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ARTnews Review- Animal Instinct

July 12, 2012

The Douglas Dawson Gallery has been reviewed in the Summer 2012 issue of ARTnews (p. 128) for our Spring show earlier this year, Animal Instinct: Animals in Ethnocraphica. Below is the full review, which illustrates the scope and vibrancy of the collection. While this exhibition is no longer installed in the Gallery, pieces are still available. Please feel free to contact the gallery for more information about the artwork included in this exhibition.

Ranging from a huge wooden water buffalo-shaped coffin to a tiny seal shaped toggle carved from a walrus tusk, the objects in this show reflected human beings’ eternal fascination with animals. “Animal Instinct” featured more than 100 pieces from cultures in South America, Africa, Asia, and beyond and spanned more than 3,500 years, ending in the 20th century. The panoply of storage vessels, masks, accessories, textiles, and funerary objects threatened to overwhelm viewers, yet the organizational scheme, where artifacts were grouped according to the creatures they represented (felines, amphibians and reptiles, birds, etc.), made for a manageable and fascinating presentation.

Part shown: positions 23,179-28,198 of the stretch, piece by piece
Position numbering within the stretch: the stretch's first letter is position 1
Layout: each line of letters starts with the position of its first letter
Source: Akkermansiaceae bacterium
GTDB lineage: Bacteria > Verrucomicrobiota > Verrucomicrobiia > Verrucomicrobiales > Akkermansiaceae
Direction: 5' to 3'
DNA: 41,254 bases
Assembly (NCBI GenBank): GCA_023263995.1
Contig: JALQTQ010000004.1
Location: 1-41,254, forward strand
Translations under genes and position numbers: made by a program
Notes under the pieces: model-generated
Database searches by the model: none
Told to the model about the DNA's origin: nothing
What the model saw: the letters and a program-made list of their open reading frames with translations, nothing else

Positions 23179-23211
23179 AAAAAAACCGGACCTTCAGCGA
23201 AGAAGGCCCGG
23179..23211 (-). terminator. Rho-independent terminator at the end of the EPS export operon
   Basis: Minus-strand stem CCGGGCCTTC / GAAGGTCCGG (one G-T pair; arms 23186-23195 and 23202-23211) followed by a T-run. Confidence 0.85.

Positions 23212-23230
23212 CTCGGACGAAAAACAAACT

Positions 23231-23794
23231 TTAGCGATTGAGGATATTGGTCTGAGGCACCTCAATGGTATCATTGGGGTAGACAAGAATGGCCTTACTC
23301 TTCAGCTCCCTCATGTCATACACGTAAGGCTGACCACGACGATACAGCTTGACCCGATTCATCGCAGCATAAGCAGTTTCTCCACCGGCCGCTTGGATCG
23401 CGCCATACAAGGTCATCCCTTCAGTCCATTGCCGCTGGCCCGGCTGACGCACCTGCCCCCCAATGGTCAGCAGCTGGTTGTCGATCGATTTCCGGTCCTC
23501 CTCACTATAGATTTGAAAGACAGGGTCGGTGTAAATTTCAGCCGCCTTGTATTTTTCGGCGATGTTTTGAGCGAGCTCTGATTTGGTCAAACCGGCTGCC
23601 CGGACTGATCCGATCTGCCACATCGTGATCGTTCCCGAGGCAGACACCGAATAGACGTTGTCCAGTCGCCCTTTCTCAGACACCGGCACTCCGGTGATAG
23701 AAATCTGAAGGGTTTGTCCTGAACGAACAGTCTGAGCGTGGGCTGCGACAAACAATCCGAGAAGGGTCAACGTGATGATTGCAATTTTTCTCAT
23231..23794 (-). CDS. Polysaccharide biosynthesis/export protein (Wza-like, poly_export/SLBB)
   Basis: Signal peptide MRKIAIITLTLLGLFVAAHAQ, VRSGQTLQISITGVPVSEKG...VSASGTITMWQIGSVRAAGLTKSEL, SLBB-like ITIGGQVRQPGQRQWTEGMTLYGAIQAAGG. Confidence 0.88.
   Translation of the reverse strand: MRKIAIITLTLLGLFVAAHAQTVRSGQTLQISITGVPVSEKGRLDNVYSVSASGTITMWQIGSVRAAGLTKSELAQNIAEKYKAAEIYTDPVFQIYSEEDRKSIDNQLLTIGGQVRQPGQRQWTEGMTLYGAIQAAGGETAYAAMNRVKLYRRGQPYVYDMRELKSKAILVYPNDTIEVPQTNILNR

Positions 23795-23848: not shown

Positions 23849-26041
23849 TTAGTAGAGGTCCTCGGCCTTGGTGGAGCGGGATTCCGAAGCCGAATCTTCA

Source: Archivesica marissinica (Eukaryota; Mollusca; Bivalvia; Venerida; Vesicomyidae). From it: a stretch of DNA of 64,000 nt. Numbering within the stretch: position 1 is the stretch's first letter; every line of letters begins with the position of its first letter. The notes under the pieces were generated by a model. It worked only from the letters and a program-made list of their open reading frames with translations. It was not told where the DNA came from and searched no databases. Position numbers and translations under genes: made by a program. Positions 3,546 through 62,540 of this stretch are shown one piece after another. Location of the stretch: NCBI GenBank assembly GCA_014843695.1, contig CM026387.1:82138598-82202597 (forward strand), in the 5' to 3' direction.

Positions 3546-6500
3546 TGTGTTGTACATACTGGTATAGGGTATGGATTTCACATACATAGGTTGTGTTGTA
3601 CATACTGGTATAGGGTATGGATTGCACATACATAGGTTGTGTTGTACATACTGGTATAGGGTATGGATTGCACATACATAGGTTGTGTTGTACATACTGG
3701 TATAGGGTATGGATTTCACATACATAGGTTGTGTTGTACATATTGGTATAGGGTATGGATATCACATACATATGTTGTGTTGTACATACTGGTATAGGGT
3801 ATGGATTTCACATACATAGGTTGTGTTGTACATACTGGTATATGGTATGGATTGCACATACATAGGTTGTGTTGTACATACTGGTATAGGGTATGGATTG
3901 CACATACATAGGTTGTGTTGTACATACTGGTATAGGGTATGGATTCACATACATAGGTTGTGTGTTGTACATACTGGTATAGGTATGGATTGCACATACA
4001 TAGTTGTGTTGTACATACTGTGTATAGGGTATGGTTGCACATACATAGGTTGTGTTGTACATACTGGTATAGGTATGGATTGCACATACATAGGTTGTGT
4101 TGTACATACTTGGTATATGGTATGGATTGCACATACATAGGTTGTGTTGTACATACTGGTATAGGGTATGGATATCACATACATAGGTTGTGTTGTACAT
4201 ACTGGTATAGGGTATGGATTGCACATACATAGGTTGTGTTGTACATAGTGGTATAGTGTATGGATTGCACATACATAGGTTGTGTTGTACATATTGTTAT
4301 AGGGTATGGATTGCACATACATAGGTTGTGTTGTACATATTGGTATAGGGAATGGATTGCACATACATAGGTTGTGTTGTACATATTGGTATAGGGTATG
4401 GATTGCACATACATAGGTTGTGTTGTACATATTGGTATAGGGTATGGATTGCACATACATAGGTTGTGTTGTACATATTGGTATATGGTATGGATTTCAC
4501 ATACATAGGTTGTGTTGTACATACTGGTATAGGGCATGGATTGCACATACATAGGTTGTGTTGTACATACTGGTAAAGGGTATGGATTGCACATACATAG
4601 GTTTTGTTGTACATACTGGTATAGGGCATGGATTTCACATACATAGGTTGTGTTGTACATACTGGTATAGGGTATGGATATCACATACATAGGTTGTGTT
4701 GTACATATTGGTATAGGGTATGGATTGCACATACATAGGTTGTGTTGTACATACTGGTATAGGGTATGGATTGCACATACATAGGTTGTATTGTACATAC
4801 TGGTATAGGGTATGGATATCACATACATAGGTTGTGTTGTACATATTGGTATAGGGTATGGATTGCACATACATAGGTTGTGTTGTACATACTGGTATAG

All of the works displayed remarkable craftsmanship: Most are functional objects elevated by beautiful formal qualities or decorative elements. The 16th-century water buffalo-shaped ossuary, which Indonesia’s Toraja people installed in a limestone cave, was adorned with real horns. Shell ornaments and exquisite carved abstract patterns on this erong’s head and flanks rendered it particularly impressive.

Some animals were considered valuable tools needed in everyday life. A veritable herd of llama vessels and sculptures demonstrated just how important these creatures were to the Inca and other Andean civilizations. Other animals had symbolic power, such as the pangolin (scaly anteater), which Nigeria’s Ekpeye people considered to be both reptile and mammal. Here the beast was depicted on a 1920s dance mask/headdress that sported individually attached triangular scales.

Boli – Bamana, Mali – 20th Century – earth, animal parts, and wood – 20″ x 30″ x 7″

The two most intriguing works on view here were somewhat crude. Earth covers the bodies of these Boli: lumpy, blank faced, four-legged creatures made as ritual objects for a Bamana secret society in Mali. The boli were deliberately ambiguous, according to one to the show’s informative wall text – another curatorial detail that made “Animal Instinct” rival a museum exhibition.

-Lauren Weinberg

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